The amount of high bright white paper being used for books has rapidly increased in recent years. However, I'd argue it offers too much contrast between the colour of the text and paper, and that off-white or cream paper is not only more aesthetically pleasing but less stressful on the eyes.
That said, industry trends mean it's often now quite a challenge to find uncoated off-white or cream paper stocks and even more of a challenge to find coated stocks in off-white or cream paper.
07. Issues surrounding contrast
Bright white paper is of course preferable when you're targeting your book at people with visual impairments, for whom maximum contrast is clearly desirable.
However be warned that people with dyslexia - believed to be around 10 per cent of the world's total population - complain that the contrast of bright white paper and text causes an unstable and blurry reading experience and that the letters move around on the page (see this Bupa page (opens in new tab)). For this reason, people with dyslexia will often use coloured acetate overlays on top of printed information.
08. Make tables easy to read
One way designers often position columns in a table is to space them out to fill the width of the table or main body text width. But this is not advisable because you will increase the space between columns, which can make it harder for readers to read the table in a horizontal way.
Best practice is to space columns horizontally with as least space between them but no less than 5mm. Creating tables that have columns horizontally spaced, close together, makes it much easier to read the table horizontally and also to link possible table headings to the left of table (in the first column) to other data to the right.
09. Encourage feedback
So often books are published in a very linear fashion, going through the editorial, design and production stages without getting feedback from those who will read them - they are rarely tested with people.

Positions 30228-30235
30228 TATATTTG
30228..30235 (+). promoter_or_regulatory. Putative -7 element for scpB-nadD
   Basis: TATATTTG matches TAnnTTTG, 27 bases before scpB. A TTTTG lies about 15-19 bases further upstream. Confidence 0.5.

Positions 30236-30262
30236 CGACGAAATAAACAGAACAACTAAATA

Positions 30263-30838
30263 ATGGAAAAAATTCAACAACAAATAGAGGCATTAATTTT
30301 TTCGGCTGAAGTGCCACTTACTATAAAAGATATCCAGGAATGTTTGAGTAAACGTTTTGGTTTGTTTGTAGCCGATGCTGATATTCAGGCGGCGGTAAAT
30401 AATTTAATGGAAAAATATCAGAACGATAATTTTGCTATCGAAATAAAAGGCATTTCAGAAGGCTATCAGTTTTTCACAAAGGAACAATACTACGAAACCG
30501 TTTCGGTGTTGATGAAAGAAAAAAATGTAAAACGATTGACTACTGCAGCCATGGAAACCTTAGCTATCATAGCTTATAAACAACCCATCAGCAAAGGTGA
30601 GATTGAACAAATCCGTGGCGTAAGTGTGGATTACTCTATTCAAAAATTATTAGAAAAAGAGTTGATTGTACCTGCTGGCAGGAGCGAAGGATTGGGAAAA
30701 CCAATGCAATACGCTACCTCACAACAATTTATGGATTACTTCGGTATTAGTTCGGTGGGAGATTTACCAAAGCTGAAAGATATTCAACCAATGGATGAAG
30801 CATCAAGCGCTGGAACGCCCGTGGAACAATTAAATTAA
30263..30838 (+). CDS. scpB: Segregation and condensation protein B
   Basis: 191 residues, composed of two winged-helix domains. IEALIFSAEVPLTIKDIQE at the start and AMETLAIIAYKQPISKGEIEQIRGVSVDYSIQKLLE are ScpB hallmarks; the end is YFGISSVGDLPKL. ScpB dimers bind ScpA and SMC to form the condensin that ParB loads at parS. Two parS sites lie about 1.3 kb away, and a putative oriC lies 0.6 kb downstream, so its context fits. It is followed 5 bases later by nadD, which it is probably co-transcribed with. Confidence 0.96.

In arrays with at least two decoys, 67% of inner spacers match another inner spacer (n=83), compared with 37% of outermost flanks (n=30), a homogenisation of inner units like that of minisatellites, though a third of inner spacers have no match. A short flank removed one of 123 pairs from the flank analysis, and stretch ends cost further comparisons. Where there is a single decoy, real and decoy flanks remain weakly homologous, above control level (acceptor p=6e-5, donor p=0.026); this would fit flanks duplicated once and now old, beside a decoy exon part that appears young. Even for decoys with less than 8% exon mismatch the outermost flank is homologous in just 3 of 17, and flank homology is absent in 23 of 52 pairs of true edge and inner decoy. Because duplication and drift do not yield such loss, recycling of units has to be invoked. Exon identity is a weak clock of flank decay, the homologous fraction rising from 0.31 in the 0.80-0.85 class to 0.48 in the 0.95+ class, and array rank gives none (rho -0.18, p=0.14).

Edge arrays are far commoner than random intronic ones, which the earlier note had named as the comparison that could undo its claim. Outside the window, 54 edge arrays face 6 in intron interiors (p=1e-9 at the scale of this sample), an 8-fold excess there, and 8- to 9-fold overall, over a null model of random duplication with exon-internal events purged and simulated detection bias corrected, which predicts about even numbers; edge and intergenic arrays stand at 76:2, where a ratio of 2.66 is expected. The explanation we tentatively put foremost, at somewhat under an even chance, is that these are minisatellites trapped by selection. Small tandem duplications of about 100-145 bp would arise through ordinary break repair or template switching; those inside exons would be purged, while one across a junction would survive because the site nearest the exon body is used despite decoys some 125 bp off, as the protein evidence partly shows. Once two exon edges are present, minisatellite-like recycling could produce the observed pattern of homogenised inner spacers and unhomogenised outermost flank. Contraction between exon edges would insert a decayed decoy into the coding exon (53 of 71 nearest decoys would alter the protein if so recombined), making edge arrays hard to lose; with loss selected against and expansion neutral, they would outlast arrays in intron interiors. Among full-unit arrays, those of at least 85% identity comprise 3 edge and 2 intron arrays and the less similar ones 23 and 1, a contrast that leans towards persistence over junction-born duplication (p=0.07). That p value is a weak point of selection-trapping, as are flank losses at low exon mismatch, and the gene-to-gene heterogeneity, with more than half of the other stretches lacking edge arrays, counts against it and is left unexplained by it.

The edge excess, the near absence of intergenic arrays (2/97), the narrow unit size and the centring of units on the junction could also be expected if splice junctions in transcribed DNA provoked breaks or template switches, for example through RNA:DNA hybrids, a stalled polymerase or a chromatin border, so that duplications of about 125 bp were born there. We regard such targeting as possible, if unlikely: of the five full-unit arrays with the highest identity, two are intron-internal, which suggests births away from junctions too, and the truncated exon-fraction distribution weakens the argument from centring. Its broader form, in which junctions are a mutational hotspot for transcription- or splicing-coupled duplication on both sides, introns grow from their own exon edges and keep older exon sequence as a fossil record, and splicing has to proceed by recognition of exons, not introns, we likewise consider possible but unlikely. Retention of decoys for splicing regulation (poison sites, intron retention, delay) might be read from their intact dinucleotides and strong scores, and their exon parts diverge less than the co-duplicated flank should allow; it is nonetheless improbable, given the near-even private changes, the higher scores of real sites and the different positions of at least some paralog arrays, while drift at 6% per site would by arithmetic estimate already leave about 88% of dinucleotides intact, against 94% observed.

One way to make the process more circular and user-centered would be to put details on the back cover or elsewhere, which would allow people to submit their thoughts and feedback.
You could provide a special email address, a web page with a form, or a paper tear-away form. You never know what feedback you might get: someone may point something that can help improve the design, or spot an error somewhere that can be corrected in the next print run.
10. Manage the client process
Where a book is a collaborative effort, you have to judge and sense when it is the right time to suggest improvements and agree or disagree to make certain changes from feedback. Some clients are open and welcome suggestions and feedback, other will reject your every suggestion claiming that they know better.
Jennifer Rowsell perhaps sums up the relationship best: "Textbooks (in the case of my study, reading textbooks) and other educational schemes are the product of a long collaborative process between actors whose roles in the company are sometimes complementary and sometimes in conflict. The resulting artifact, smooth as it may seem, cannot fail to be the result of numerous transformations and compromises, not only of differing points of view, but of differing intended functions for the text."
Words: Thomas Bohm
Thomas Bohm works for book publishers and businesses, and runs User Design (opens in new tab), a graphic communication design, illustration and production service.